You also may need to make sub-requests for related resources of the data you want to access. For example, Shopify’s <inline-code>/admin/orders.json<inline-code> endpoint includes most of the order data, but not the fraud risk information for an order. If you need this data, you need to make an extra request per order to fetch the OrderRisk object from <inline-code>/admin/orders/1/risks.json<inline-code>. GraphQL query cost limits can also force this approach.
Once you’ve got the basic sync logic in place, it’s time to make it work in the real world. Developers frequently learn that their initial sync implementation breaks when they start syncing real merchants, and it’s because they need to deal with all manner and shapes of merchant data.
Especially for old shops that have been in business for a long time, there are new and strange edge cases in the data that break seemingly working code. This can be really annoying in the context of a big sync though: one failing record probably shouldn’t break the whole thing. Breaking the entire application experience for a merchant because you’ve encountered a new case in the data sucks for the merchant. For this reason, we suggest developers add careful error handling when syncing that <inline-code>logs failures<inline-code> instead of throwing and interrupting the whole process.
A second frequent issue with syncs is that they can take a really long time. When doing a historical sync of a big shop, you often just hit the rate limit no matter what, and no amount of tuning can escape the hard reality of 2 requests per second. For shops with a huge amount of orders or customers or products, reading everything at that rate can end up taking many hours! We’ve seen syncs that take upwards of 24 hours for giant shops after running almost full tilt at 2 requests/second the whole time.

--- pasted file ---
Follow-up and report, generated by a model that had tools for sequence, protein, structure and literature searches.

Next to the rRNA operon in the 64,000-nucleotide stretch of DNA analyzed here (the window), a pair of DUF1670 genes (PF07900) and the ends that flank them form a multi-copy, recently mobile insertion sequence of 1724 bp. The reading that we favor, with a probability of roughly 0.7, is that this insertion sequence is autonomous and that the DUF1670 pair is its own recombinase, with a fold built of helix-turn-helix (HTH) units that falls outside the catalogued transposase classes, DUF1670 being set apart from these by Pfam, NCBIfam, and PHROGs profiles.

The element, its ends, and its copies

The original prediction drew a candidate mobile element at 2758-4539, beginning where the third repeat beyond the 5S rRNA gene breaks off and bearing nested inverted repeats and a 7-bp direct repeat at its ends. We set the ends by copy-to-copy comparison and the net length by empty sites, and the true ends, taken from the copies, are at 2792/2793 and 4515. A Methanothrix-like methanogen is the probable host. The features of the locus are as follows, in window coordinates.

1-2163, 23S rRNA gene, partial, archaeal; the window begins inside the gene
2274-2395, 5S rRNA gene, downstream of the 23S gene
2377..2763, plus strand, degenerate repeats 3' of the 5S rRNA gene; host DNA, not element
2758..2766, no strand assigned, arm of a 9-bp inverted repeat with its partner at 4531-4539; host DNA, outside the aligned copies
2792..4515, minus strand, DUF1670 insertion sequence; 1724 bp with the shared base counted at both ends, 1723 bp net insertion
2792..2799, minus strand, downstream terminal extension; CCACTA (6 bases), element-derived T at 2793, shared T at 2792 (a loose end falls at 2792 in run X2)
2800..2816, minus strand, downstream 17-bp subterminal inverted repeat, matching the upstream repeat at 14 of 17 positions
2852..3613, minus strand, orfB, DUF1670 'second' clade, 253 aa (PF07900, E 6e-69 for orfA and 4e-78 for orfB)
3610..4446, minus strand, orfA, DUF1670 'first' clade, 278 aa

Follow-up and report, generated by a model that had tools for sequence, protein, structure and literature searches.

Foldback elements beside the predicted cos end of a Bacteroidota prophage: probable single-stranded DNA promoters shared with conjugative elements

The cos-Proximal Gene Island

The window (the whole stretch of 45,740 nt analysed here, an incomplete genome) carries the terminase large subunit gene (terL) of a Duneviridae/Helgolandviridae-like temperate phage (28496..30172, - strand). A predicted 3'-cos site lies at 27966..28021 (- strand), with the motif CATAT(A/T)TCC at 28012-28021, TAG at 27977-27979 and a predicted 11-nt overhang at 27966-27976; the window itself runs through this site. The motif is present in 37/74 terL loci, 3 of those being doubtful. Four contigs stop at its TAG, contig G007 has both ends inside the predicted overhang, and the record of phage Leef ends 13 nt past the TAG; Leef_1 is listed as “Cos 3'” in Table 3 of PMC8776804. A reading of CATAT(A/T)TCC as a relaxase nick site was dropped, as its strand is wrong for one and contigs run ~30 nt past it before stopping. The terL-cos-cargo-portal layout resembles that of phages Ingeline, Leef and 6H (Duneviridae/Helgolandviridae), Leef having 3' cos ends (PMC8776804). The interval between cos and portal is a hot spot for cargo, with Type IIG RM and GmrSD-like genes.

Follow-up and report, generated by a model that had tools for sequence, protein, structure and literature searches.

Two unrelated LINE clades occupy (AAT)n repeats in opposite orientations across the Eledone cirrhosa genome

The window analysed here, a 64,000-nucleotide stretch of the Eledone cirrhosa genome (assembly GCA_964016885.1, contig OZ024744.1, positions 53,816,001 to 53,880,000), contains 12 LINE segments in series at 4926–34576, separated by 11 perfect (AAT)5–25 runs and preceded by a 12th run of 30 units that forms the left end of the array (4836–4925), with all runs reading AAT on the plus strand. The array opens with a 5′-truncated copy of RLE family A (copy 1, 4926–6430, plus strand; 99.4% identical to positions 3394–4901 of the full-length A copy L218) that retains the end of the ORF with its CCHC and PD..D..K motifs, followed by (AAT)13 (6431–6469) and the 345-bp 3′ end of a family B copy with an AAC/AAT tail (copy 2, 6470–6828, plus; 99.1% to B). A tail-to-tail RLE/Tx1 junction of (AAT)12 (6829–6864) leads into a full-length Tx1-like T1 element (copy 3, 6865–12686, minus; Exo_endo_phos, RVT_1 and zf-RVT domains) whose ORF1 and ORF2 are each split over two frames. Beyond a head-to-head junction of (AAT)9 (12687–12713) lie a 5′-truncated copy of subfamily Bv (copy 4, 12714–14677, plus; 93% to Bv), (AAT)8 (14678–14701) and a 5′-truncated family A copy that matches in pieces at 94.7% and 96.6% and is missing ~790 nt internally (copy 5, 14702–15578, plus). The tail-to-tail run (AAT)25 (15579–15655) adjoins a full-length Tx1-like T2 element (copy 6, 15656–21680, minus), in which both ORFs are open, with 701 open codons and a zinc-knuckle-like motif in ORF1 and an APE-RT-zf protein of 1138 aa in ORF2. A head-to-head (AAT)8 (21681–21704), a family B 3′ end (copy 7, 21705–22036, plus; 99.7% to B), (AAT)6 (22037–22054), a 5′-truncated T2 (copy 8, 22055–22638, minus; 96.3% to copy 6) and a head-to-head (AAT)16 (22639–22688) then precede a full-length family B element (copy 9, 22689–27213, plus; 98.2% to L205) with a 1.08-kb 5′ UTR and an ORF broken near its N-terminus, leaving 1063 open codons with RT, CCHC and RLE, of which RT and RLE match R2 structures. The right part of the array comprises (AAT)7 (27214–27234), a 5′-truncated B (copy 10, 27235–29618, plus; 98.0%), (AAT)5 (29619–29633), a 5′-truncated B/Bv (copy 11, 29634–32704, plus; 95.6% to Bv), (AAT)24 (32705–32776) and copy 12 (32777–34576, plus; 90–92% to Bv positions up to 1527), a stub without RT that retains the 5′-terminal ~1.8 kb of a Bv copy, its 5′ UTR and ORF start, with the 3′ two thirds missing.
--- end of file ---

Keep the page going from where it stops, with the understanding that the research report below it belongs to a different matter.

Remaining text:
Running super long background jobs is a major thorn in our sides as developers because these units are exposed to a much higher chance of transient failures. Momentary network blips, 500 errors from Shopify, query timeouts, and even deploys can interrupt and fail background jobs that run for this long. Making resilient background jobs is a deep topic, but Gadget has a few recommendations. First, if there’s any way to chunk the big job into many smaller, individually retriable jobs, that’s generally much more friendly to modern-day web architectures. Shopify implemented this solution for their own internal needs in Ruby. Other background job systems often support similar “workflow” or “dependency” setups. You can chunk up a sync job by resource, or enqueue one job per page of data in order to get finer-grained, retriable units. For super-advanced use cases, workflow systems like Temporal are a great fit for making these long-running jobs bulletproof.